A one-room building with unpainted walls and double seats for students who carried pails filled with water from a nearby stream every day at 11 a.m. so their teacher could make a “Type B” lunch of pinto beans, turnip greens, black beans and cornbread, it served the community until it was closed as part of consolidation efforts in 1953.

Harper and the Endowment will hold their workday on Saturday, May 4, said Doug Harper, the company’s chairman.  The company is well known for its community efforts over the years. It earned the Community Foundation of Greenville’s 2022 Philanthropic Spirit Award, which recognizes an organization that serves the community through exceptional partnerships with nonprofits and by providing vital programming.

“We have known about the history of the Liberia Community and Soapstone Church for many years and have been inspired by community matriarch Mable Owens Clarke’s efforts to sustain the site via monthly fish fries that she hosted for more than two decades,” he said. “When we learned of the Endowment’s plans to rehab the school, we jumped at the chance to be a part of helping protect and promote this important legacy.”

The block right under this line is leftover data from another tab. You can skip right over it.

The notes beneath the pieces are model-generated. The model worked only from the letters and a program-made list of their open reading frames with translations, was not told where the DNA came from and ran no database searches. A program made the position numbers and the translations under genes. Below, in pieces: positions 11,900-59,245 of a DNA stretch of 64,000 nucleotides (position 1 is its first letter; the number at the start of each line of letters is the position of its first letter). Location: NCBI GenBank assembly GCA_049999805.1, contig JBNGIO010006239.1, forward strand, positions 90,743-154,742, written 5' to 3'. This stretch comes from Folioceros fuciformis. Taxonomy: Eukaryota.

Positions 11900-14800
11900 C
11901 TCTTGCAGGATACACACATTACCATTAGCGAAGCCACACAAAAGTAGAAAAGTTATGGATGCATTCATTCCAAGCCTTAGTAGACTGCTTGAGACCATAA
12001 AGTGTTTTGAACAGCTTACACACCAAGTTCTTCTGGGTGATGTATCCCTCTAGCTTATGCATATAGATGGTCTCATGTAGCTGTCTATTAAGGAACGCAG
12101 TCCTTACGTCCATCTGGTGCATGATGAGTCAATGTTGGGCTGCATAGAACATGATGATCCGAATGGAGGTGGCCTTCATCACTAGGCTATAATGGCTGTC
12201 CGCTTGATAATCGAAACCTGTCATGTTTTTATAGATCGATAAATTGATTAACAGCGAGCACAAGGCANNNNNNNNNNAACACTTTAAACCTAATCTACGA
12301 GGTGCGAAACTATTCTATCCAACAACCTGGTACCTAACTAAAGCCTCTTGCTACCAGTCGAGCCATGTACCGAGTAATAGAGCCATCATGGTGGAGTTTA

Once the building is stabilized and rehabilitated, period furnishings will be sought so that area residents, students, and tourists can experience a bit of what the education system was like for Black children until mandatory school consolidation.

The Endowment has already achieved 40% of its financial goal and has established “The Partnership Challenge” seeking at least one hundred businesses, churches, or individuals/families who provide a one-time $3,000 or greater tax-deductible gift or $1,000 per year over three years in support of the Endowment’s mission.

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Easley officials discuss changing government form

By Jason Evans